Joint second for online shopping in Which?’s survey were Iceland and Waitrose. With a score of 76 per cent, Iceland customers loved the availability of delivery slots, its range of products and the customer service at collection and delivery. Waitrose also scored highly in these categories, scoring four stars for the ease of using the website and app, along with Iceland.
At the bottom of the table for online shopping was Morrisons with a score of 66 per cent. Morrisons scored only two stars on value for money, stock availability and the choice of substitute items.
In Which?’s survey Tesco received a score of 68 per cent for its in-store offering. However, online customers loved its range of products, earning it a higher customer score of 75 per cent. Meanwhile, it only got two stars for value in-store, despite its widely-advertised Clubcard discounts.
Sainsbury’s received a score of 68 per cent for its in-store offering and 74 per cent for online. Online shoppers gave it five stars for its range of groceries, availability of collection or delivery slots and customer service. In-store, it got no five-star ratings – but it scored well on everything except availability of groceries, where it picked up three stars, and value, where it scored two.
Previous Which? research found that some shoppers are losing trust in supermarkets as prices soar. Aldi and Lidl had the highest trust levels, closely followed by Sainsbury’s and Tesco. Waitrose had the lowest level of trust among shoppers in general but among the highest for its own customers. Waitrose is also regularly named the most expensive supermarket in Which?’s monthly basket price comparison.
Reena Sewraz, Which? Retail Editor, said:
“Our results highlight how many shoppers are prioritising value for money above all else, but for those who can afford it, high-quality products and a positive shopping experience still really matter. None of the supermarkets received five stars for value in-store, but the discounters still led the way in this category.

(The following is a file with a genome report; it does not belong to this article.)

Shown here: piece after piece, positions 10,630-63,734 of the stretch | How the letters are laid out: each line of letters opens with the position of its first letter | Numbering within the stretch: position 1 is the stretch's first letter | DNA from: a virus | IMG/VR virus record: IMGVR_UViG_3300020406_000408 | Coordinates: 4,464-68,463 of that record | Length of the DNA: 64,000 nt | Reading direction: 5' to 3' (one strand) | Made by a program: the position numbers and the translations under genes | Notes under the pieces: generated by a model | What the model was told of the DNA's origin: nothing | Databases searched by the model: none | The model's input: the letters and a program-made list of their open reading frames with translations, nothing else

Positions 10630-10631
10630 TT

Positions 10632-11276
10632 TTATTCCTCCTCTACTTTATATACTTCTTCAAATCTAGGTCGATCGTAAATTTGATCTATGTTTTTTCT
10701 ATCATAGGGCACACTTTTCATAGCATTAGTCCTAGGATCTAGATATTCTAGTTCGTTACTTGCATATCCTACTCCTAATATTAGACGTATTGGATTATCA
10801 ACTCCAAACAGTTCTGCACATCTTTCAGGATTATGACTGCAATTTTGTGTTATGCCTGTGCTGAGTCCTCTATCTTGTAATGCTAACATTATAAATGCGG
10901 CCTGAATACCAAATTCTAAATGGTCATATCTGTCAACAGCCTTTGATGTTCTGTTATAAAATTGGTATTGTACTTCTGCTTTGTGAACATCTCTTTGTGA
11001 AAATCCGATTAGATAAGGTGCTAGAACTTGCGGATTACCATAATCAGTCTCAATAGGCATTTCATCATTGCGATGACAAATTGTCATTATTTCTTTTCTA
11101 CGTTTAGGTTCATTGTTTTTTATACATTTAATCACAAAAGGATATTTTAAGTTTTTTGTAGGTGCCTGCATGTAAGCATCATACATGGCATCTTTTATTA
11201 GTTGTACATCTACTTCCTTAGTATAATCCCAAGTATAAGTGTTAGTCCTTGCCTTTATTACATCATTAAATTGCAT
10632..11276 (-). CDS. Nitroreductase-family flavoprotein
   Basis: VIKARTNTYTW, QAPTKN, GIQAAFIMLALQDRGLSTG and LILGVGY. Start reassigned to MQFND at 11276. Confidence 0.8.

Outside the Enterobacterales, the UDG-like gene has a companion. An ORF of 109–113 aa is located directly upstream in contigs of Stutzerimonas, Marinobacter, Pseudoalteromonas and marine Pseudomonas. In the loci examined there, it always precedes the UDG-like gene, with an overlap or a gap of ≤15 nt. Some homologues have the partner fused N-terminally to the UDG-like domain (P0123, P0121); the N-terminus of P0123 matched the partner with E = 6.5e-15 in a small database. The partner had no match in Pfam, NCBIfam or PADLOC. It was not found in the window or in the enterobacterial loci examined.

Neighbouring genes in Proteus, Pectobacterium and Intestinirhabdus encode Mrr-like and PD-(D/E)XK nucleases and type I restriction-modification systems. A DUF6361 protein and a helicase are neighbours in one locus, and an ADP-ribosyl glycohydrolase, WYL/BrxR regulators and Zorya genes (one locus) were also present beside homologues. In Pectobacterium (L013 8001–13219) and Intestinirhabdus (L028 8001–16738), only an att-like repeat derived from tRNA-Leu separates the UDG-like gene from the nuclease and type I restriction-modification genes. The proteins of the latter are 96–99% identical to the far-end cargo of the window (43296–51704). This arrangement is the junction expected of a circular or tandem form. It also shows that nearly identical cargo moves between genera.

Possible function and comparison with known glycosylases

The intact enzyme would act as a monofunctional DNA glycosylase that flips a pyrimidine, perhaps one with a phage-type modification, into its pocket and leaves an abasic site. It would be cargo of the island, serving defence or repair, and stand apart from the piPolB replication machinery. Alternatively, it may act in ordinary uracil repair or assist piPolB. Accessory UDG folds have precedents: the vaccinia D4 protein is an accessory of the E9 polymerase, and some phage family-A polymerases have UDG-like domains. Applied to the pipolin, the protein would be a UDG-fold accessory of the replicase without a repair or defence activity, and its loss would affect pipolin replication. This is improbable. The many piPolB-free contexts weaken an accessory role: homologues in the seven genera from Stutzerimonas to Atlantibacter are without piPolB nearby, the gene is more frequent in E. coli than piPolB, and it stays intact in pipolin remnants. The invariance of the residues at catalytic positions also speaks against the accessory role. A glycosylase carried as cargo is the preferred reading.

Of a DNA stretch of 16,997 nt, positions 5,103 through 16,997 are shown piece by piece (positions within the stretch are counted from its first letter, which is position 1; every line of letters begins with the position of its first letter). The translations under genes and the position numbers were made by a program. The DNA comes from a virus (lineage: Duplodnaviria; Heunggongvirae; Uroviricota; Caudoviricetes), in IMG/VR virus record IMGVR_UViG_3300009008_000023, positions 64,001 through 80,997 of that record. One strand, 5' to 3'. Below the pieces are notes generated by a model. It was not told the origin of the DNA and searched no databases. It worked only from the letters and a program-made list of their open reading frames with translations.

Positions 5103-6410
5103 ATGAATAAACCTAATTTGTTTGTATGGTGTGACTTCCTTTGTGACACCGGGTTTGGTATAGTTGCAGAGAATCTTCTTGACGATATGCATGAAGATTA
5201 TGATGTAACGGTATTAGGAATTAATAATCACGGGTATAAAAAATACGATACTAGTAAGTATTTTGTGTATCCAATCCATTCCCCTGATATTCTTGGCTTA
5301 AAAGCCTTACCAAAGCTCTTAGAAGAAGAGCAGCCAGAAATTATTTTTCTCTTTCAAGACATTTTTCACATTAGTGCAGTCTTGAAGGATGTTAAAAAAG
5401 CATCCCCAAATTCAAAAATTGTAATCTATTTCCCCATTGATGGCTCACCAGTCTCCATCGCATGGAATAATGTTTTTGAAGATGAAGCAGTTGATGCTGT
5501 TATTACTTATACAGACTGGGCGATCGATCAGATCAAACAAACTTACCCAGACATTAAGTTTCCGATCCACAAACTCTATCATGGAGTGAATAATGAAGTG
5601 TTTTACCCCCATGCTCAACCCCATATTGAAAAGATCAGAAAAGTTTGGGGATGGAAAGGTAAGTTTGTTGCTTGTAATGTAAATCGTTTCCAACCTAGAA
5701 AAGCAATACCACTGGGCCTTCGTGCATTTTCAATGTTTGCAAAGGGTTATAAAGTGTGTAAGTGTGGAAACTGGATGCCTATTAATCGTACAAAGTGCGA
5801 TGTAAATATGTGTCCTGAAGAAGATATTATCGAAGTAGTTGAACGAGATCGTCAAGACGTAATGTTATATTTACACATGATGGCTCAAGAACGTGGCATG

“While some shoppers can buy budget ranges and shop around, Which? believes all supermarkets have the ability to make a real difference to hard-hit households by ensuring everyone has easy access to basic, affordable food lines at a store near them, as well as through targeted promotions – particularly in areas where people are most in need. They should also make it easy to compare prices.”
Notes to Editors:
- In October 2022, Which? surveyed 3,007 adults in the UK about the supermarkets they bought most groceries from in the previous 12 months. Fieldwork was conducted online by Deltapoll.
- Our annual survey looks at everything from value for money and customer service to online deliveries and the quality of the food and drink sold. The data is based on in-store and online performance.
- Yonder on behalf of Which? surveys approximately 2,000 consumers quarterly to ask about their trust in businesses. We measure trust as the proportion of consumers who say they trust a sector a fair amount or a great deal minus the proportion who say they don’t trust a sector much or at all.
- Which? found that 88 per cent of people are worried about food prices and 59 per cent are buying cheaper products as a result of rising prices. Significant numbers of shoppers are also buying extra groceries when they are on promotion and shopping around.
Which? is the UK’s consumer champion, here to make life simpler, fairer and safer for everyone. Our research gets to the heart of consumer issues, our advice is impartial, and our rigorous product tests lead to expert recommendations. We’re the independent consumer voice that influences politicians and lawmakers, investigates, holds businesses to account and makes change happen. As an organisation we’re not for profit and all for making consumers more powerful.